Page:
President Donald Trump is dropping strong hints and suggestions that he would like to meet North Korean leader Kim Jong-un again this year. In his annual New Year’s address , Kim said the same.
The two leaders met last summer, in Singapore. That meeting was widely panned as a “photo-op summit” from which Trump brought home little for an event which helped legitimize North Korea, long a pariah state in international relations. And indeed, six months out from the summit, Trump appears to have gotten little. A second meeting, therefore, needs to extract more deliverables for the U.S.-South Korean side, or it is not worth the cost of the increasing normalization of a North Korea that is both newly nuclear and still an orwellian tyranny.
The logic of Trump-Kim summitry is that a leaders meeting can break through the decades of hostility and bureaucratic morass with a bold gesture. The South Korean left particularly has long argued for this approach. Hawks have generally balked, insisting that a meeting between a gangster dictator and the leader of the Free World is something North Korea must earn through concessions.
Trump’s outreach has been a test of the two competing assertions. And given that no U.S. president had ever met a North Korean leader, perhaps it was worth a try. Certainly dovish advocates of summitry can justifiably argue that decades of previous lower level engagement had not worked, so why not try a big-bang summit?
The verdict to date though is mixed to poor, and resistance to summitry will grow if Trump meets with Kim again and brings home little. Last year’s summitry has not been very successful. So far, it has met minimal, “negative” goals—that is, the summitry appears to have stopped even worse North Korean behavior, but not actually changed it for the better. To be fair, the status quo is better than 2017, with its many missile tests and threats of war. But critically, North Korea has not actually done much since then other than refrain from provocation.
After a year of engagement, North Korea has not moved on any of the strategic and political issues where we hope for progress. On human rights and internal political liberalization, there has been no movement at all. The UN special rapporteur for human rights in North Korea recently confirmed that North Korea’s human-rights situation has not changed at all in the last two years. Nor has there been any other appreciable liberalization other than a winking state tolerance for corruption and small-scale markets. Kim is not Mikhail Gorbachev or Nelson Mandela, nor even Deng Xiaoping.
On the strategic issues, there has been movement on the conventional stand-off between North and South Korea. But Trump is not responsible for this; South Korean president Moon Jae-in is responsible for it. And indeed, the U.S. military in Korea has expressed some hesitation about the concessions Moon is making without consulting the U.S. side. But on the issues which dominate the strategic discussion—nuclear warheads, missiles and missile launchers—there has been no progress at all.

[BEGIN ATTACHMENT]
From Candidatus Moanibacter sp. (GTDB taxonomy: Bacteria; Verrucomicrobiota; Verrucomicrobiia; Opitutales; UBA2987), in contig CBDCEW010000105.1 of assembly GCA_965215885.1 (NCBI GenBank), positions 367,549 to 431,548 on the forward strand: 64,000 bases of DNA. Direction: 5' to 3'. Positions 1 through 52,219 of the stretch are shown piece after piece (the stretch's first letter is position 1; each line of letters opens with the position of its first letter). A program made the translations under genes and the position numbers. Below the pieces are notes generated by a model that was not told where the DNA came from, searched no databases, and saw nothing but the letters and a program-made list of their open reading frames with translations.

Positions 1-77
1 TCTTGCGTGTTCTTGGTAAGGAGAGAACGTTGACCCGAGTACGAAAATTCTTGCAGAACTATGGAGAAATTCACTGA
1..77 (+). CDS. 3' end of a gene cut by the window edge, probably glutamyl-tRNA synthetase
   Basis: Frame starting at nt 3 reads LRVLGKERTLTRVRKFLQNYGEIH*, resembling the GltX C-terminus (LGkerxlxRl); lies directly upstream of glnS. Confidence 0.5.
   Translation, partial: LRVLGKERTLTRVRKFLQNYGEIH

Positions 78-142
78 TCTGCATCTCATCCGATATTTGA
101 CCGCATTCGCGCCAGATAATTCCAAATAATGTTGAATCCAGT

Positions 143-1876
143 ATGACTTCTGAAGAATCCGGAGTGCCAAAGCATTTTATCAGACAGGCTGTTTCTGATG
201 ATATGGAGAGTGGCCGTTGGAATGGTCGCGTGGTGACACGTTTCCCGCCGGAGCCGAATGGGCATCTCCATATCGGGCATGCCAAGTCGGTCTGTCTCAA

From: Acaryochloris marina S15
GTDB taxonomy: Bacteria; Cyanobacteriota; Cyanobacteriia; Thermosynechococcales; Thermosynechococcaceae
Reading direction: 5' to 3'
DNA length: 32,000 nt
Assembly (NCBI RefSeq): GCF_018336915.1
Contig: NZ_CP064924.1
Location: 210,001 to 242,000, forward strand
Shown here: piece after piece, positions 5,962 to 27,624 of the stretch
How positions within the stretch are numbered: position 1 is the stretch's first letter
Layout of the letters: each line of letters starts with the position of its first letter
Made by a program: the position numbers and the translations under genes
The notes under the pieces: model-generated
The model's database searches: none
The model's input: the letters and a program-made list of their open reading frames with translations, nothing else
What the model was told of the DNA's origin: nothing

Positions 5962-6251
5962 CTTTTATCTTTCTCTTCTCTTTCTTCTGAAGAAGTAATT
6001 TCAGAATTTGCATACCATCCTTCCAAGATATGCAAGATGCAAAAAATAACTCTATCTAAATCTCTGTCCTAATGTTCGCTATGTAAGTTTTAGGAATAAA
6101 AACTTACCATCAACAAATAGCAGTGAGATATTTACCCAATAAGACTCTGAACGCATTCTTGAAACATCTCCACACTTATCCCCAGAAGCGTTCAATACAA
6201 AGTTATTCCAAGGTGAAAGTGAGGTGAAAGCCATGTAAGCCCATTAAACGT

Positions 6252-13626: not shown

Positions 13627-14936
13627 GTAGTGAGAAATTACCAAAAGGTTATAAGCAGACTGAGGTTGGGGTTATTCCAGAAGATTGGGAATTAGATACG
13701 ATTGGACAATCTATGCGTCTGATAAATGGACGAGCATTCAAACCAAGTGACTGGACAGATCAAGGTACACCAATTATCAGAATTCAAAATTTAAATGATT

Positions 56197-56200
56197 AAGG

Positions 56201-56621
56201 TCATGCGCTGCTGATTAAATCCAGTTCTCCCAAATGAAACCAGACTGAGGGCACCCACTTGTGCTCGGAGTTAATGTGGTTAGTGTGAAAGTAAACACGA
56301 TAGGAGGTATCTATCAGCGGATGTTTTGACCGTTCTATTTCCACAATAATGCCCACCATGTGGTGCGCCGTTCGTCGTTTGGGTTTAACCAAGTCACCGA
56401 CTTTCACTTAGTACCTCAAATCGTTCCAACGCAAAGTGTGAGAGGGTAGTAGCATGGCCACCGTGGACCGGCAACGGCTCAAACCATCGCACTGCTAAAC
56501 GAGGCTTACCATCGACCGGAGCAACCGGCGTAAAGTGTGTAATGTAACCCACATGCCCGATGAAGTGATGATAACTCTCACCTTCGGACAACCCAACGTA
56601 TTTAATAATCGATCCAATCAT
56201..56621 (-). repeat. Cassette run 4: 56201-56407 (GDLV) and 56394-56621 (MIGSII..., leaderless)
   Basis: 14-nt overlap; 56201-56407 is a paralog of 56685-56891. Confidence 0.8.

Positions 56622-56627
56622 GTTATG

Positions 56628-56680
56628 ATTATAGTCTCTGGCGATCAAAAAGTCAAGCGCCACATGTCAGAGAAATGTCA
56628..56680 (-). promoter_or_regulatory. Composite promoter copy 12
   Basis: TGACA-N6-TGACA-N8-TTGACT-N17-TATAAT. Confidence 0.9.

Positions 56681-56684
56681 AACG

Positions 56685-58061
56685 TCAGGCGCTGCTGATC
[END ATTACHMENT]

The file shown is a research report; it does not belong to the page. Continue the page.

The North Koreans have detonated or deconstructed a few facilities, but without inspectors, it is hard to know if those demolitions are valuable or even are genuine down-builds. But regarding the weapons themselves—the core issue over which Trump threatened war in 2017—there has been no progress. In fact, the North has still not even given us an inventory of what they have so that we might begin to bargain over what we might give them in exchange for things on that list.
This is the acid test for Trump’s next meeting with Kim. These meetings are a prestige victory in themselves for the North. They place the world’s worst human-rights violator on an equal standing with the leader of the world’s oldest democracy. Trump seems unaware or disinterested in these optics, but much of the North Korea-watching community is, which is why the response has been so tepid.
So if we must have these summits, if we must cede the North these propaganda victories, then we had best get something out of them. A repeat of the first Singapore summit, where the United States got little and Kim Jong-un got to look like a statesman, would be an error. Trump missed his chance then to get an inventory of what the North Koreans have in order to jump start denuclearization talks. He must get that this time.
Indeed, that seems like a fair trade, if not actually balance-positive for the North Koreans: they get the pictures and the legitimation, and Trump gets the inventory. If Trump, who markets himself as a great negotiator, cannot pull even this small step out of Pyongyang, he should not go. And the North Koreans need to guarantee that in writing before Trump assents to a second summit.
The Singapore summit was Trump’s big chance to pull a major concession out of the North Koreans because North Korea had desperately sought a U.S. summit for decades. Trump missed this opportunity to bargain for at least the inventory back then. He should not make that mistake again. At minimum, Trump must leave the next summit with an inventory—ideally pre-checked by the U.S. intelligence community to insure it is not total flim-flam. If not, then what is the point of summiting? Process is not a goal in itself. Just talking with North Korea is not an outcome we want. No inventory, no meeting.
Robert Kelly is an associate professor of international relations in the Department of Political Science at Pusan National University. More of his writing can be found on his website. He tweets at @Robert_E_Kelly.